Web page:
The Importance of Language and your Mindset
Many people would say that the best goalie in the world hands down is Carey Price. One of Carey’s many strengths is the language he uses.
Why should you as a goalie be concerned with the language you use? Because when you talk, your brain forms pictures in your head. For example if I say the word “goalie”, you picture an actual goalie in your head and not the letters “ g, o, a, l, i, e, ”. This is how your brain thinks. In pictures.
Why should you be concerned with the pictures in your head? Because “you will walk into the picture you hold of yourself”. Why are athletes told to visualize before a game? Because of the rule that you will walk into the picture you hold of yourself.
If the above is true, then you need to consistently fill your head with great pictures. This is impossible to do if you are using language that puts negative pictures in your head. Here are a couple examples for you to test out right now. Say “I let in a goal”. What do you picture when you say “I let in a goal”? I don’t know about you, but I picture stepping to the side of the net and letting a puck go in the net. That is not a positive picture, is it?
Now say “I got scored on”. What do you picture when you say “I got scored on”? I picture a puck blowing past me as ‘I get scored on’. That is not a positive picture either, is it?
Therefore, after you play a game, if you say. “I let in 3 goals” or “I got scored on 3 times” or “they scored on me 3 times”. You are forming negative pictures in your head and negative pictures lead to negative results.
The other important factor here is that your brain does not recognize the word “don’t”. For example, if I say “Don’t think of getting scored on”. “don’t think of getting scored on”. What do you picture? Getting scored on, of course. Even though I said “don’t think of it”. Your brain doesn’t recognize the word don’t and you still end up picturing getting scored on.
If you have a game and it is not perfect. Meaning, you don’t get a shutout, I want you to replace “got scored on” or “let in a goal” with the following. “Didn’t come up with the save” or “Didn’t stop the puck”. You see, when you say the latter two your brain still pictures coming up with the save or stopping the puck. It is a much more positive picture for you and remember from the first article. “You will walk into the picture you hold of yourself”.
I want you to test this out. Next practice, experiment with a positive picture in your head and a negative picture in your head.
Do the negative picture first. When the players are skating toward you and getting ready to shoot, say to yourself “Don’t get scored on, don’t get scored on” over and over. When you say that, you picture getting scored on and you will notice it makes it a lot harder to stop the puck.
Now do the positive picture in your head. When they are skating toward you with the puck, focus on being in the now and simply say to yourself “stop the puck” stop the puck” “stop the puck”. You can also say “I stop the puck” “I stop the puck” “I stop the puck”
Therefore, when you are reviewing or talking about saves you didn’t come up with, say exactly that. Never say “I got scored on” or “They scored on me”. When you say that, your mind will picture exactly that.
Never say “I let in a goal”. If you do, your mind will picture you letting in a goal. Also, never say “I let them score”. Would you actually “let” someone score?” I don’t think so. Erase those sayings from your vocabulary.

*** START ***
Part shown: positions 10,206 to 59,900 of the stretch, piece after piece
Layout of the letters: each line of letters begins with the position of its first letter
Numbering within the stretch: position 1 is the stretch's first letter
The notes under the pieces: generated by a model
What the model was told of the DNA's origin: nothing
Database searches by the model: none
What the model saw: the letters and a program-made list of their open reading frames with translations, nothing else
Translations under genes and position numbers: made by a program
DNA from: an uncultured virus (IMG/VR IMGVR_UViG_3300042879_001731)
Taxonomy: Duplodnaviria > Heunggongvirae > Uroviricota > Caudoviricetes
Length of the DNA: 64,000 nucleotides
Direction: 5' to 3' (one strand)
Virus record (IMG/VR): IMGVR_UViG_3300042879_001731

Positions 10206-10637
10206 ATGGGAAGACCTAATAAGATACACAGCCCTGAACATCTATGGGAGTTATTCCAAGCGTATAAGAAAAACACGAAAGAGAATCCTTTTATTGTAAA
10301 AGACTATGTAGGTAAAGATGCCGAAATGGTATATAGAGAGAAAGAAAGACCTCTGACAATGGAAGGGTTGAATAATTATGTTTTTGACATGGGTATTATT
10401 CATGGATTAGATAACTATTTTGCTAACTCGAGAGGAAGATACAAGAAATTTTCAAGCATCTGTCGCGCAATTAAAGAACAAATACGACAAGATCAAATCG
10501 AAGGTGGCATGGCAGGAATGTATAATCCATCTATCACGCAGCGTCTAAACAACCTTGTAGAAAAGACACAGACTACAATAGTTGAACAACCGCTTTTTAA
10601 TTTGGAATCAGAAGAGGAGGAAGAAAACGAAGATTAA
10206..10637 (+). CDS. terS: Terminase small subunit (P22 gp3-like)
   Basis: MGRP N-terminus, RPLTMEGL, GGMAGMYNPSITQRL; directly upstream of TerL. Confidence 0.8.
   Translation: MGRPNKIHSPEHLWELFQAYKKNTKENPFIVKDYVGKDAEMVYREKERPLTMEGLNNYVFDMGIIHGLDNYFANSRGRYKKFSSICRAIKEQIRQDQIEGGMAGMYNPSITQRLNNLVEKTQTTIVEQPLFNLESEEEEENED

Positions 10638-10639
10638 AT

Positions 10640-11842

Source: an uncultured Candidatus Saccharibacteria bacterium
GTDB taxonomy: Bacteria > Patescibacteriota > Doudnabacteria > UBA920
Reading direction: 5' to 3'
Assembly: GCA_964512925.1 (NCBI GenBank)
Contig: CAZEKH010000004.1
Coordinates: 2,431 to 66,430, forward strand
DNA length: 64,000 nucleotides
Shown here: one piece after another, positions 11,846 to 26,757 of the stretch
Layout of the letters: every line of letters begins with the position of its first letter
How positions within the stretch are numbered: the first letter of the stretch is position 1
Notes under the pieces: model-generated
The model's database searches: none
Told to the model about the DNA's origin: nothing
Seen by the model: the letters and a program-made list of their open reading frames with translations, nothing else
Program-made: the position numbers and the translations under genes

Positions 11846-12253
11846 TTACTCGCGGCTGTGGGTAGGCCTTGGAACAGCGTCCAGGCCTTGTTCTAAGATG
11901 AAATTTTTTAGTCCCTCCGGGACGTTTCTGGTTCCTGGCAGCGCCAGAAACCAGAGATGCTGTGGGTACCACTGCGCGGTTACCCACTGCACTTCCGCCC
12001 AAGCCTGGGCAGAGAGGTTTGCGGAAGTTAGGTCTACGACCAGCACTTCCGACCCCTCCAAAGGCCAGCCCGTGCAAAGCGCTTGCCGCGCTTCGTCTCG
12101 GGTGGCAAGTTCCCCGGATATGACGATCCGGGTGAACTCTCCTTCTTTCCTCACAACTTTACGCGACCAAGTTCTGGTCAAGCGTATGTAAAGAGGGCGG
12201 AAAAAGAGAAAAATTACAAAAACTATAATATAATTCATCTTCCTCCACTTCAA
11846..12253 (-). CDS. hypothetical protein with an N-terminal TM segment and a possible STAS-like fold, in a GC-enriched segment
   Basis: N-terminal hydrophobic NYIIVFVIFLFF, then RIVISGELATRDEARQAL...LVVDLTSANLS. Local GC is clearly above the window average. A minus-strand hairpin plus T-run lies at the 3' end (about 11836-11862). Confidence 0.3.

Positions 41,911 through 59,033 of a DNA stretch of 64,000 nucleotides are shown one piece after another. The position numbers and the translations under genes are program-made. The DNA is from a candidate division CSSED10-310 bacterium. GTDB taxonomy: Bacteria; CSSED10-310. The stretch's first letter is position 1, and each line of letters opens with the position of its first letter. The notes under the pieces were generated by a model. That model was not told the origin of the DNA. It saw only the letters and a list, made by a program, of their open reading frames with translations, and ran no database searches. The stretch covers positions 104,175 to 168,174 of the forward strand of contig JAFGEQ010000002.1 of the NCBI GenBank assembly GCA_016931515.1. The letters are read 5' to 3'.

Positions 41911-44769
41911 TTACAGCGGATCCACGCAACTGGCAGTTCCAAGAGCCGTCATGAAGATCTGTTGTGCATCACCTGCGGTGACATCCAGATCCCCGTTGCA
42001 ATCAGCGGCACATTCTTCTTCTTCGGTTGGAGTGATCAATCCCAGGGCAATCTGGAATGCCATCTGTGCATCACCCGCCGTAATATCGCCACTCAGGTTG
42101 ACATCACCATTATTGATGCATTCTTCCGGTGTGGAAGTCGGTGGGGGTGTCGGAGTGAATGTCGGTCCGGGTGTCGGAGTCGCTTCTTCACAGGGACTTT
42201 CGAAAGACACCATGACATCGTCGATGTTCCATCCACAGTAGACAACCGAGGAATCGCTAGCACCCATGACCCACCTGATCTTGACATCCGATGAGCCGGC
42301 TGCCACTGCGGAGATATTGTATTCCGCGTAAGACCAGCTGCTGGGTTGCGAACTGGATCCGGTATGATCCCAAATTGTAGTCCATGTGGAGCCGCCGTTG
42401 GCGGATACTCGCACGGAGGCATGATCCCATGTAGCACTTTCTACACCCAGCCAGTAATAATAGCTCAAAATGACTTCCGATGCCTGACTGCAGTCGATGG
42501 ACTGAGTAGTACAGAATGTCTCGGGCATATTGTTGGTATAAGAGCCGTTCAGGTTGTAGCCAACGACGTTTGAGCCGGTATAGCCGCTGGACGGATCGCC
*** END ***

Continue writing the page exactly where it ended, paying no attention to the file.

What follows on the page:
Simply replace that with “I didn’t come up with the save” or “I didn’t stop the puck” Keep those positive pictures formed in your mind…
Now back to Carey Price and the strength of his language. He was getting interviewed by the press after Montreal lost a big playoff game. You could tell in the interview that Carey wasn’t too happy and reporters do not always ask the best most empowering questions to athletes. In describing the last moments of the game that Montreal lost Carey said “I didn’t come up with the save at the end of the game”. Think about what he said for a moment. ‘I didn’t come up with the save’. He didn’t say “they scored on me” he didn’t say “I let in a goal”. Remember when we talk, we and people we are talking to create pictures in ours and their mind. When I say to you “come up with the save” or “don’t come up with the save” your mind will picture you making a save. Remember, your brain doesn’t recognize the word “DON’T”.
As the interview carried on with Carey price and he had, had enough of the reporters and was leaving the interview, one last reporter yelled out “Carey, do you think you could have stopped that last puck? Carey looked back as he was leaving the interview and said “I feel like I can stop every puck”. Let that percolate in your mind. “I feel like I can stop every puck”. The language Carey Price uses is one of the reasons he is the best goalie in the world.
Here is a simple list of what not to say and what to replace it with.
|WHAT NEVER TO SAY||REPLACE WITH|
|“got scored on”||“I didn’t come up with the save”|
|“let in a goal”||“I didn’t stop the puck”|
|“gave up a goal”||“I didn’t come up with the save”|
|“they scored”||“I didn’t stop the puck”|
|“I let it in”||“I didn’t come up with the save”|
|“I let them score”||“I didn’t stop the puck”|
|“I got lit up”||“I didn’t come up with the save”|
To making saves and stopping pucks for you becoming just like breathing…
- Pete Fry “The Goalie Mindset Guy”
Pete Fry “The Goalie Mindset Guy”
Goalie Mindset Coach For The Pro’s, Pete Fry is the Author of Goalie Mindset Power, the Complete 30 day program for goalies. He is also the Author of the book Goalie Mindset Secrets - which he is giving away free to our readers. Just follow this link to get your copy today.
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